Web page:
Oh, as if to prove me wrong, Nasser Hussain has just talked about how the rain is staying “east of Regent’s Park”, in other words travelling northwards from me. North east and Lords would be getting a little bit of moisture some time around now.
It’s very tense, with England 62/1 and chasing just over three hundred, with an hour and a bit this evening and then all of tomorrow, weather permitting. Ballance and Cook have put on fifty, with Cook batting like his life depends on it. Which it does. He won’t die if he gets out soon, but how well he does today and tomorrow could have a big impact on how he lives from now on.
NOT MUCH LATER: 80/4. Cook just got out, for 22. Ballance and Bell already gone. England are not playing at all well at the moment.
Yesterday, someone emailed or tweeted Test Match Special, saying that the Notts captain, Chris Read, could be drafted in, to replace Cook as captain and Prior (who is now dropping catches) as wicketkeeper. It may eventually come to that. Continuity of selection is all very well, but what if they continuously selected team keeps on continuously losing?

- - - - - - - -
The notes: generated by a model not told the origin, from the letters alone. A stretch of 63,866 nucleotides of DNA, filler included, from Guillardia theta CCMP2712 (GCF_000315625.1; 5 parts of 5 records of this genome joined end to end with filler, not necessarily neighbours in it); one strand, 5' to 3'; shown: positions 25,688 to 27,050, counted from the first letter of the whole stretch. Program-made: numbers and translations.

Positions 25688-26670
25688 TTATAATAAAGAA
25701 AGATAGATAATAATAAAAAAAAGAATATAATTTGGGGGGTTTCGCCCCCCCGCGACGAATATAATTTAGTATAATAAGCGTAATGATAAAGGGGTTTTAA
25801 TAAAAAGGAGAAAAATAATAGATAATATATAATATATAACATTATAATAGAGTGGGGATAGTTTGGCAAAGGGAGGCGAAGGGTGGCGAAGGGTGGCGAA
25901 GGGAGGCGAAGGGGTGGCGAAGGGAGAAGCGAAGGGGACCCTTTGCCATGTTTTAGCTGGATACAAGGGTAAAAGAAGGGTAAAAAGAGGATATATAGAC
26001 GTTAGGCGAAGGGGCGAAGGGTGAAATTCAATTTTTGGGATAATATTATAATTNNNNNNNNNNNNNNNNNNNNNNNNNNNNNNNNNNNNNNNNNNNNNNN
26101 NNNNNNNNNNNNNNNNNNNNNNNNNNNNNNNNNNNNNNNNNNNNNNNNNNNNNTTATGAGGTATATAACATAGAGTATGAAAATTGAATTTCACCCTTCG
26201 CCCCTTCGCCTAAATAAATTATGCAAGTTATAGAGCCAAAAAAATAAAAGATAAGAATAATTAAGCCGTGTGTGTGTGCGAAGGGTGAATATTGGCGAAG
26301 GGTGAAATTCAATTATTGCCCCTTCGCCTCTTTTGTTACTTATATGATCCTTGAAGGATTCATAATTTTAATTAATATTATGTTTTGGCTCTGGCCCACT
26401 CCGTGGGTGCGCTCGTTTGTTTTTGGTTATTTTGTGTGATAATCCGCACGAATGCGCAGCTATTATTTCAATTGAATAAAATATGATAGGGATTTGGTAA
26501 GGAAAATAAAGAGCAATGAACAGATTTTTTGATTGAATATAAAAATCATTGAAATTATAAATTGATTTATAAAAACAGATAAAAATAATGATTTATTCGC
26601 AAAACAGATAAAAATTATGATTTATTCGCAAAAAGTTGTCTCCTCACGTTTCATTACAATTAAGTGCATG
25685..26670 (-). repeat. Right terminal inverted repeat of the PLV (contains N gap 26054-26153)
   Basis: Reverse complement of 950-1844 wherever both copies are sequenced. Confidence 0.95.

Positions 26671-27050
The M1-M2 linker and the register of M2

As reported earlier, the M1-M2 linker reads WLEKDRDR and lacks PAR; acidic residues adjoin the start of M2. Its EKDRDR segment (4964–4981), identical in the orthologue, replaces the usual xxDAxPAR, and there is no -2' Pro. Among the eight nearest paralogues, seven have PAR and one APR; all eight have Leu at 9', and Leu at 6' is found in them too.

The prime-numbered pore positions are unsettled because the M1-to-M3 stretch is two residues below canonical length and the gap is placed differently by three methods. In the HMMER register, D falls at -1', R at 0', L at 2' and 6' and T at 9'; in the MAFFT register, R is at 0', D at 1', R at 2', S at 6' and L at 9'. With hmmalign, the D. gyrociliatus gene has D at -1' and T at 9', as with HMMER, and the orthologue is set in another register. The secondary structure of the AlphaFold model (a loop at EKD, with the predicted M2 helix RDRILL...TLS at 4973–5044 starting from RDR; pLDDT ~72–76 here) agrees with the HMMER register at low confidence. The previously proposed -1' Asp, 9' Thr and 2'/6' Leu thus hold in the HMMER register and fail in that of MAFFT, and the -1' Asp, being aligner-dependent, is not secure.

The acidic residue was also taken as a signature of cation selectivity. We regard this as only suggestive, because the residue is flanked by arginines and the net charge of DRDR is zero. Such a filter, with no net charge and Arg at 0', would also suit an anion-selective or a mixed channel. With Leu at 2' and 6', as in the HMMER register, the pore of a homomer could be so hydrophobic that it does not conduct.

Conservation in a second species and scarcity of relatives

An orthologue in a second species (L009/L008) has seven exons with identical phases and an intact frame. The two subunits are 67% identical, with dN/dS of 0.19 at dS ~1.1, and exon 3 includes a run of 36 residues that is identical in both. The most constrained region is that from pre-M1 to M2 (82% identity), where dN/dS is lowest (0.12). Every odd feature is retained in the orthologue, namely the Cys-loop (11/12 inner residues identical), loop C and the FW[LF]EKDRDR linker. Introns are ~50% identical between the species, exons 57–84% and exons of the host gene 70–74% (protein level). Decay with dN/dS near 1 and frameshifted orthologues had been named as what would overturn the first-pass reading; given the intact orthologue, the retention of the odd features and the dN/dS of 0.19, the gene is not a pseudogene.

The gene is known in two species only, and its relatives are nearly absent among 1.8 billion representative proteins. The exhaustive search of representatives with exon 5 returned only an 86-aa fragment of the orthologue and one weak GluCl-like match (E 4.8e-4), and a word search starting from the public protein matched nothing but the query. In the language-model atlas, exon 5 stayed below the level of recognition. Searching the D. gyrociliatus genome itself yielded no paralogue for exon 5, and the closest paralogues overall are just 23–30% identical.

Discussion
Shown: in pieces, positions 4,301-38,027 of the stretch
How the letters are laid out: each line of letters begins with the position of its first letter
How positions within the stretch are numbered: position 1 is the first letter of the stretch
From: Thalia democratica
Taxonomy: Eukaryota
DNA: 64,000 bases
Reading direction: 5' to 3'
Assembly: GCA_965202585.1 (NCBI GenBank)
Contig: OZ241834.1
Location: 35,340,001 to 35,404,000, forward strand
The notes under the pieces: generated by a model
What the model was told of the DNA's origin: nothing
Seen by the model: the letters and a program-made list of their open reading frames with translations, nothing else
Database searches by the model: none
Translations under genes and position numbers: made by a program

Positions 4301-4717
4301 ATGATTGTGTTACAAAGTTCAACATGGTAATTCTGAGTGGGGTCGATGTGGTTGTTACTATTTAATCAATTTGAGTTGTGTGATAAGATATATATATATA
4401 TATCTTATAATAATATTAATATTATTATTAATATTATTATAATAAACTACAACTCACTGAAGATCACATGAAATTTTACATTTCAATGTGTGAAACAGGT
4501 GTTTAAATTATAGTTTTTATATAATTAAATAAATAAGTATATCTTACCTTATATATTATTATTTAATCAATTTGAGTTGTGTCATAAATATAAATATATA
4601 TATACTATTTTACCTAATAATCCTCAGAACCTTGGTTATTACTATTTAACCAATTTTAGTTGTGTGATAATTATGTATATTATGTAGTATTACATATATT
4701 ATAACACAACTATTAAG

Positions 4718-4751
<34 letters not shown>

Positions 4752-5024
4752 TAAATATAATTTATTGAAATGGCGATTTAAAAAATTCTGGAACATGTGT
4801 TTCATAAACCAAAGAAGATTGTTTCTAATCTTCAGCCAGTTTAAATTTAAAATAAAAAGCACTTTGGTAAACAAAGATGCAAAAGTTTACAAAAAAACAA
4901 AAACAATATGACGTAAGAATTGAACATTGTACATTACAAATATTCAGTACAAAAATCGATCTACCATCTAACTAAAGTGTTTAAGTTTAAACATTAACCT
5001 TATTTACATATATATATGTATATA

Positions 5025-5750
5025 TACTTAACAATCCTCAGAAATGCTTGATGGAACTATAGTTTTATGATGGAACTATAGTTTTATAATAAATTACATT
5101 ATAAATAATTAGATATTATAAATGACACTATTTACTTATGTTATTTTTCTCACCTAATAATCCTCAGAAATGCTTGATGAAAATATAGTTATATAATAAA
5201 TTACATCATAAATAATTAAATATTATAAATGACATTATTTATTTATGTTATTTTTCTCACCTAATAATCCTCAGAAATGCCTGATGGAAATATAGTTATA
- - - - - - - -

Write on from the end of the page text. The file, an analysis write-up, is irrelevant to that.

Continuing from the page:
See this earlier piece.
GARBAGE SHED AND JUMP INTO THE SEA IS PROHIBITED
How much does it cost to power up a mobile phone?
Spot the owl
A global temperature graph that seems to fit the recent facts
Vladivostock from above
Photoing the A380 from above – from the ground
Big Thing news from New York and London - and a picture of climate alarmism losing
I’m not the only one who suffers from rightward lean
Dezeen continues to delight
Early start tomorrow
Two favourite photos from September 5th
A free man
Bad and good in bad weather